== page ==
"It's a hard time for Ukraine, but a good time to be a proud Ukrainian"
GSC Gameworld re-opens for business, and comes out shooting
It's never pretty when a studio closes. There's nearly always a project in progress, there are always people who feel the sharp end of the deal. Sometimes, the residual fallout means bitterness, recriminations and legal implications. It's rare for the process of dissolution not to marr the memories of the work done by the studio.
So it was with GSC Gameworld, developer of the STALKER and Cossacks series. When that studio imploded in 2010, having already endured rocky treatment from publishers and fans after the release of Clear Sky and Call of Pripyat, things rapidly got messy. Several parties laid claim to both the STALKER IP and many of the assets which were currently in production at GSC. As Vostok Games, 4A and West Games rose from the ashes of GSC, things got a little murky, with various claims to IP rights and provenence being raised.
Now, GSC is back, and looking to start afresh.
We spoke to Valentine Yeltyshev, part of the original GSC team and spokesperson for the studio's return, about what happened, why and what's next.
So, what happened to initiate the shut down of GSC four years ago? Was it a purely financial decision?
"Well it's a combination of issues, not just a financial one, and it was also a personal decision by our CEO. Actually, STALKER 2 was in the middle of development, but we started to realise that we weren't ready to complete the game at the level of quality that we thought it should be. That was connected to a lack of specific people in the team.
"We realised that STALKER 2 was different. It was going to take too much time - by the time it was ready, it was definitely going to be out of date"
"Clear Sky and Call of Pripyat were both closer to add-ons than stand alone games, they were completely based on Shadow of Chernobyl. We realised that STALKER 2 was different. It was going to take too much time - by the time it was ready, it was definitely going to be out of date. We had the scenarios all written by the guy who did the original STALKER, but that's just a scenario, not a full game. We were closer to the beginning of development than the end.
"It was a difficult decision, because the team was working towards a full-scale game, but they and our CEO understood that the game just wouldn't be at the level we wanted from STALKER 2. There was also a problem getting interest, and the right money, from publishers. We were offered funding once we reached alpha. Actually we would have been able to fund the entire development ourselves, but we still weren't sure we'd be able to sell it once we'd got to alpha.
"So there were a lot of complex reasons that led to the decision to stop development. We were never closing down forever, but at the time we were aware of some pretty obvious obstacles that we weren't going to be able to overcome. Maybe we needed more team leaders. Still, we'd built some levels, areas of the zone, some characters, a new engine. A completely new engine, written from scratch, which was already a next-gen engine at the time.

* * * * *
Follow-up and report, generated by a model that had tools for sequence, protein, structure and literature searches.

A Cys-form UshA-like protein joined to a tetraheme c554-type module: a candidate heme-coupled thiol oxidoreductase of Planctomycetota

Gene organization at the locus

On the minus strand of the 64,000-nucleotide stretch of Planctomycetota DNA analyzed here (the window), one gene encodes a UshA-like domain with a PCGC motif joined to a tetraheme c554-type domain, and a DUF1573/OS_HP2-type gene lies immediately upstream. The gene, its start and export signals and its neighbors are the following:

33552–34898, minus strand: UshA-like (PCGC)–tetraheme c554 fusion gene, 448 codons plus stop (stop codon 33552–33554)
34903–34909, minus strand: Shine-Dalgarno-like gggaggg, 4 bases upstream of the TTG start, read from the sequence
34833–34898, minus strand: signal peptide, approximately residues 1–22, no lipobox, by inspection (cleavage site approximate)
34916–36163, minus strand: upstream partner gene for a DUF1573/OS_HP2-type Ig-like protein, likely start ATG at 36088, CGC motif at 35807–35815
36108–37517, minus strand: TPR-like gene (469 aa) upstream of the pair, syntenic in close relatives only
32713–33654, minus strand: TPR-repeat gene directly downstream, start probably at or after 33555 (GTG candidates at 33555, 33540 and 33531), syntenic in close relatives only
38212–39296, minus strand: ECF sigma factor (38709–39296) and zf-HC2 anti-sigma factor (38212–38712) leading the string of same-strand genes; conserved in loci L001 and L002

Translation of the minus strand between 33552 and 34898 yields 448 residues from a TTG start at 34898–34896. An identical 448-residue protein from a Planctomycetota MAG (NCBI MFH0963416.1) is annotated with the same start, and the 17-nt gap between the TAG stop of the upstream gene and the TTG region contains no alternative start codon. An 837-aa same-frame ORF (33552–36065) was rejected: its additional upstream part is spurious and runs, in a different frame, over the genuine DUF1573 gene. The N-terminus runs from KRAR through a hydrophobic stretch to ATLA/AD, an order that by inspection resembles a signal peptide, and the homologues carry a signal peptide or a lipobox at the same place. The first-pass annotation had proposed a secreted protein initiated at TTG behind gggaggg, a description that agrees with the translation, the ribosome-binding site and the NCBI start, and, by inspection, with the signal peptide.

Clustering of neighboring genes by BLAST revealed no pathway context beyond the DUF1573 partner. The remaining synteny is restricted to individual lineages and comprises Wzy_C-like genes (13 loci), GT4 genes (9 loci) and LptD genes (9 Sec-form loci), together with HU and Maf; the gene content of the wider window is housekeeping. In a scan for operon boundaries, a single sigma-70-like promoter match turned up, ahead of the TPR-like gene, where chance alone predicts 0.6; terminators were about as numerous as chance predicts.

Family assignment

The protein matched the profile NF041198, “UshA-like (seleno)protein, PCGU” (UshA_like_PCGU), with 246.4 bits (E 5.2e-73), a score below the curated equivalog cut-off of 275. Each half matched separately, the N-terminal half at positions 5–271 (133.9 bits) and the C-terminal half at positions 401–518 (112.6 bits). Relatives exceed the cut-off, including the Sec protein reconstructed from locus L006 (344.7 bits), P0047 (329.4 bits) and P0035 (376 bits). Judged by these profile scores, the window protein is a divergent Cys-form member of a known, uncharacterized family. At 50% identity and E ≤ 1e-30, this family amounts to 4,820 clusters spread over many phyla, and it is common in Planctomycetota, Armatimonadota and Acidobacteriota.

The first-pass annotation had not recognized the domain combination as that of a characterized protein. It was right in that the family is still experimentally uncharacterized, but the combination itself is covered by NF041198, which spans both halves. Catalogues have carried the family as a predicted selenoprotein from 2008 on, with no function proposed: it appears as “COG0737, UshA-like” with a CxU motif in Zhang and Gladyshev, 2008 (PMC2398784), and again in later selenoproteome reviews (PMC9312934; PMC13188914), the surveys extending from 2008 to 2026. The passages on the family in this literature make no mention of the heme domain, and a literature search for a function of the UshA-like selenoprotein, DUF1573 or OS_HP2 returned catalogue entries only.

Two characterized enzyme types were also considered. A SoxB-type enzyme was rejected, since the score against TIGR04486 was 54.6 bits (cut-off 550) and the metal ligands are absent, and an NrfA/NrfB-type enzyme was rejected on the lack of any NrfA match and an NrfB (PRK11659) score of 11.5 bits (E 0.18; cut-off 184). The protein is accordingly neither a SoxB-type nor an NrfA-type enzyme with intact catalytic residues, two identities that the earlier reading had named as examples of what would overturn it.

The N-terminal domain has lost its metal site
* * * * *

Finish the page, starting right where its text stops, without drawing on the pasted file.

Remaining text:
"The X-Ray engine was quite ahead of its time, but only in 2007, not 2010. The new engines in CoD and Battlefield had started to arrive so we needed to get better. It was maybe 70 to 80 per cent ready. It was a huge step up from X-Ray. It was oriented on PC and Xbox 360, and there were plans for it to work on PlayStation eventually.
"Everything is stored! We have all the assets, materials and engine."
What happened with the West Games claims about the STALKER assets and team?
"I don't really know enough about them, but the story is quite funny. These guys were basically promoting themselves as being the STALKER team, that they were working on STALKER, but that's not true. When we were working on STALKER 2, we were also planning on releasing a browser game based on STALKER so we could keep the audience engaged until released.
"That project was never finished. There were mistakes. But the guys at West Games, that was the STALKER project they were working on - a flash game. So when they promoted themselves as having worked on STALKER, I was quite surprised. We would definitely win the legal action against them, but we won't start it. They used a lot of the ideas from STALKER... I don't know what they were thinking, starting that. I haven't heard from them for quite a while."
(West Games has recently announced a rebranded funding campaign for a game called STALKER Apocalypse which uses much of the same media previously seen in its Areal campaign. You can read about the legal implications of that here)
So you're not looking to hire anyone back from those teams?
"At the moment, we don't need anyone. We have a solid team. We're fine for now, but maybe when we switch to another project we'll expand the team."
"We're pretty sure about our fans. The market we're in is quite old fashioned: they're not 16 year olds, they're 25-40 years old. We don't think free-to-play is the right model for the game we want to make"
You've got a new, unannounced game in the works. The market is very different to what it was four years ago, have you been tempted to change with it and try free-to-play or mobile development?
"We're pretty sure about our fans. The market we're in is quite old fashioned, they're not 16 year olds, they're 25-40 years old. We don't think free-to-play is the right model for the game we want to make. So we're making an old-fashioned, full price game, we think our audience will be happy about that. We're expecting a lot of our old audience!"
It's not been an easy time for Ukrainian developers, or indeed Ukraine in general. We've already seen 4A open a new studio in Malta, were you tempted to move elsewhere?
"No! We're staying here. It's a hard time for Ukraine, but that's a good time to be proud to be Ukrainian."
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